As a new teacher I am constantly having to learn from others be it other teachers, students, administrators etc. Recently I took my students to a state TSA event, and I as a new advisor I try to take that time to learn from others that have been doing it longer. In talking to an advisor of a local chapter I learned of some great fundraising opportunities that I can do that involve my students using the materials, equipment, and knowledge that we use/learn in class in a very practical way. Not only does this help to make my class more practical, and teach me ways to help the students be more hands-on, but it also helps me learn how increase participation in membership in my club, as the cost of the events are very pricey and keeps some students away. 

Nice to have!!

     I did learn about a program that Douglas County has called Moodle. You can add assignments, quizzes, or send messages for the students to access. I have been adding the test and quizzes to Moodle. It really makes life a little easier. Once the students log on and take a test or quiz, it is graded for you. No sitting there grading while you can be working on other things. I was also told that there is other website that has the same idea and your school system does not have to be a part of it. You set up your own account and you are ready to go. It is free!! I have been typing the questions in, which takes time or let my teacher assistant type them. I just make sure I go back and check behind her. It takes a little time at first but once it is done it is wonderful.

Sunday, November 4, 2012

New Resource

This week I learned about a new website, I came across the site a while back when conducting a Google search. My initial impression was that it probably had a few tidbits of useful information, so I bookmarked it with plans to go back and explore it when I had more time. Since then, we have had our NTI lesson on how to evaluate a website, which proved in fact to be a great help when I actually took time to go through the entire site. There is a wealth of information that I can incorporate into my curriculum. There are lesson plans, outlines, student activities, and lots more! My only criticism is that you really have to "dig" to find things on there because of the way the information is organized. Although it sometimes took more than a couple clicks to get me to what I needed, it was definitely worth it. This site is going to help keep me from spending time trying to reinvent the wheel, which I have a bad habit of doing sometimes. I am definitely glad I took the time to explore, as it is a great new reference.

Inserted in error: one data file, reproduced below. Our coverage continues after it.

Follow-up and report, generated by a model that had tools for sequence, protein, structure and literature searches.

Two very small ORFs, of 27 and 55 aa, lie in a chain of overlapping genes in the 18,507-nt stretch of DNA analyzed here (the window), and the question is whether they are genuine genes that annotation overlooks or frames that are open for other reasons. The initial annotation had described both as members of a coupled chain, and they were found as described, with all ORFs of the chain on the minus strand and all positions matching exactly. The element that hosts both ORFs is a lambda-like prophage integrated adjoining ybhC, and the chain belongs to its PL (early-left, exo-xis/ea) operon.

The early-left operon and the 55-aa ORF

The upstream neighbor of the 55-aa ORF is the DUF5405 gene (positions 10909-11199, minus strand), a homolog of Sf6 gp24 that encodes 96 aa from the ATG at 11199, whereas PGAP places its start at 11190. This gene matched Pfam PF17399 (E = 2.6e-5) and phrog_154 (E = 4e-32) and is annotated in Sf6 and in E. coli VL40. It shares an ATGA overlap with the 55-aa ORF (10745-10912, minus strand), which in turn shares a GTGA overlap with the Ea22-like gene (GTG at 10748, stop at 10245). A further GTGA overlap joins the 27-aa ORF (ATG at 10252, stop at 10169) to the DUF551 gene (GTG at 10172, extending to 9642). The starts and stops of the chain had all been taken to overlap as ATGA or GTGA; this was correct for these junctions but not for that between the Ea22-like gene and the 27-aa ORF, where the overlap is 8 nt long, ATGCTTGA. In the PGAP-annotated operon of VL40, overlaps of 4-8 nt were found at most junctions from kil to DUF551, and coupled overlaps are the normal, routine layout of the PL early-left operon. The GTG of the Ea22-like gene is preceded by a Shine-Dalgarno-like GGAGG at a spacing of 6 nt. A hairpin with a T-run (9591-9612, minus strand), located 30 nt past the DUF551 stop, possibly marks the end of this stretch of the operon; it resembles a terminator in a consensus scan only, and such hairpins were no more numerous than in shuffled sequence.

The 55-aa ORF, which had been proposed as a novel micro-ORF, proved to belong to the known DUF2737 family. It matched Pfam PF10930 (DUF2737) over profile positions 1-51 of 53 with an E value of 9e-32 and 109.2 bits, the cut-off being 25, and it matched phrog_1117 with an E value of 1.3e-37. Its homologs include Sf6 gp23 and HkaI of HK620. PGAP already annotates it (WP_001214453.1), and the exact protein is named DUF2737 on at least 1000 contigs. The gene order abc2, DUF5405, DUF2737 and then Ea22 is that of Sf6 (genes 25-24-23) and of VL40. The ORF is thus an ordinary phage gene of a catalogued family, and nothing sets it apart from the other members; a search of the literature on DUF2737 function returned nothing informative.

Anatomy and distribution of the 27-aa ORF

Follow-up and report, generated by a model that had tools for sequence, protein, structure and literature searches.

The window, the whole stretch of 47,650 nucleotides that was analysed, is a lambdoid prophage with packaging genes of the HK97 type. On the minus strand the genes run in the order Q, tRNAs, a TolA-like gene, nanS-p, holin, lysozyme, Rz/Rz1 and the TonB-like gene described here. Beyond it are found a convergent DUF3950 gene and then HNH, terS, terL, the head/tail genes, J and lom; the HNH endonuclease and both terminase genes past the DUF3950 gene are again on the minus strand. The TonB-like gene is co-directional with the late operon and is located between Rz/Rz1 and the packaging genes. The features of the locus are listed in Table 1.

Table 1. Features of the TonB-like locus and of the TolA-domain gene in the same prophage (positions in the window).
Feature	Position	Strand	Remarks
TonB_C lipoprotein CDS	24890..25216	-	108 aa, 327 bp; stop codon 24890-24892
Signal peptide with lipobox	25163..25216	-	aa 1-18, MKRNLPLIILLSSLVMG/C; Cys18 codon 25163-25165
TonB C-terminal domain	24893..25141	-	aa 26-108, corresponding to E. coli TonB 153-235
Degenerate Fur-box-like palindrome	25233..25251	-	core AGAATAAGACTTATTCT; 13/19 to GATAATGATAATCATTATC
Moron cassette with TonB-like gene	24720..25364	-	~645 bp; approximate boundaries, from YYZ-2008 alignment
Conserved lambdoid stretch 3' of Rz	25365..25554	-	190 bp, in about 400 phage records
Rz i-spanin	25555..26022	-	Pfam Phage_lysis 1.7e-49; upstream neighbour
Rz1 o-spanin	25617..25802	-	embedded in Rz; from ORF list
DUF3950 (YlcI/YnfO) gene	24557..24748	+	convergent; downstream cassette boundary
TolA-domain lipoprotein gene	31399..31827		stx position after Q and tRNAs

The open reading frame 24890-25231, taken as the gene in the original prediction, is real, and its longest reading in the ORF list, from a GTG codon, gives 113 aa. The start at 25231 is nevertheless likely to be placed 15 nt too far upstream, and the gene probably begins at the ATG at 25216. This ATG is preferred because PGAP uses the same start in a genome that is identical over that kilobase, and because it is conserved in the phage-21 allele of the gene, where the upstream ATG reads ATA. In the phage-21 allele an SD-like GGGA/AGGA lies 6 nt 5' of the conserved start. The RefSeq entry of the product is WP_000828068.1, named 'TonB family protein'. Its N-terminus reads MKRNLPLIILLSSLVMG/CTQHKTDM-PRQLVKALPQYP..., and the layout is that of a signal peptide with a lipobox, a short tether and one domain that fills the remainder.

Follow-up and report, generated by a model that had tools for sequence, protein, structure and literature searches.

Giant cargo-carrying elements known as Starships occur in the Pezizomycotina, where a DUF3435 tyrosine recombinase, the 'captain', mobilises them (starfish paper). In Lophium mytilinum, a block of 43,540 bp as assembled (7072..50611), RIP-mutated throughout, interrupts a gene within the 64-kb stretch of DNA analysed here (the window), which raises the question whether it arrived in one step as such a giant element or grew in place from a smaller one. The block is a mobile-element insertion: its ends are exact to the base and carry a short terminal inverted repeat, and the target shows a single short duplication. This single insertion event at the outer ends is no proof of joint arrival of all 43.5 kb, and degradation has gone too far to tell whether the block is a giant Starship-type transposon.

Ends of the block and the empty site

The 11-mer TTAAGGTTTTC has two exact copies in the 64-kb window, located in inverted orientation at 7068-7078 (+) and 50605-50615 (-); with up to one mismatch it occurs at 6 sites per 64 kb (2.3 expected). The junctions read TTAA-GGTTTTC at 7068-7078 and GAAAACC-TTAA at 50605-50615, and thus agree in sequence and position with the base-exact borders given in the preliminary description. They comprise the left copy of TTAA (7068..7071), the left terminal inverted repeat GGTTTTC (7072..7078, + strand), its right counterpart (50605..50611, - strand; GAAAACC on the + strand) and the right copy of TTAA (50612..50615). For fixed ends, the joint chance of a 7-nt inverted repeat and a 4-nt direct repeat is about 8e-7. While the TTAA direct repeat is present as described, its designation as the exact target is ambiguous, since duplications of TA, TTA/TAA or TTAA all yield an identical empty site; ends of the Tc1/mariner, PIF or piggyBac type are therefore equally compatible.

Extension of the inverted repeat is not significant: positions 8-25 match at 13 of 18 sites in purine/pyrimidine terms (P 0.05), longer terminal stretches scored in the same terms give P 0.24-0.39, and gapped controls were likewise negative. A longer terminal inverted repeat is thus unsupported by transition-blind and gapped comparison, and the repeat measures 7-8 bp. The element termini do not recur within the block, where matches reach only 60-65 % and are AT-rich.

Friday, November 2, 2012

Keep Learning! Learning never ends!

What did you learn this week either formally or informally that will help you grow as a teacher? You may have learned this from another teacher, through an experience, from a student, in class, etc.

As a teacher we are constantly learning new things to challenge our students. Perhaps as we are teaching our lessons we discover something we may not have ever learned in our school days, or in college. As I do research to help me plan my lessons, I think about my students and what they can get from the information I am planning to disseminate in class. After all, we are educators that must find various ways to instruct all students.

Just last week I learned from a colleague that Youtube is allowed for instructional purposes. Many of my students often tell me about Youtube and how fascinating it is when it comes to Culinary Arts. After viewing the Youtube site, I was convienced it was definetly a great resource tool for lesson planning and current videos.

My advice to you is make sure your school system approves it first. Youtube can only be used for instructional purposes Only.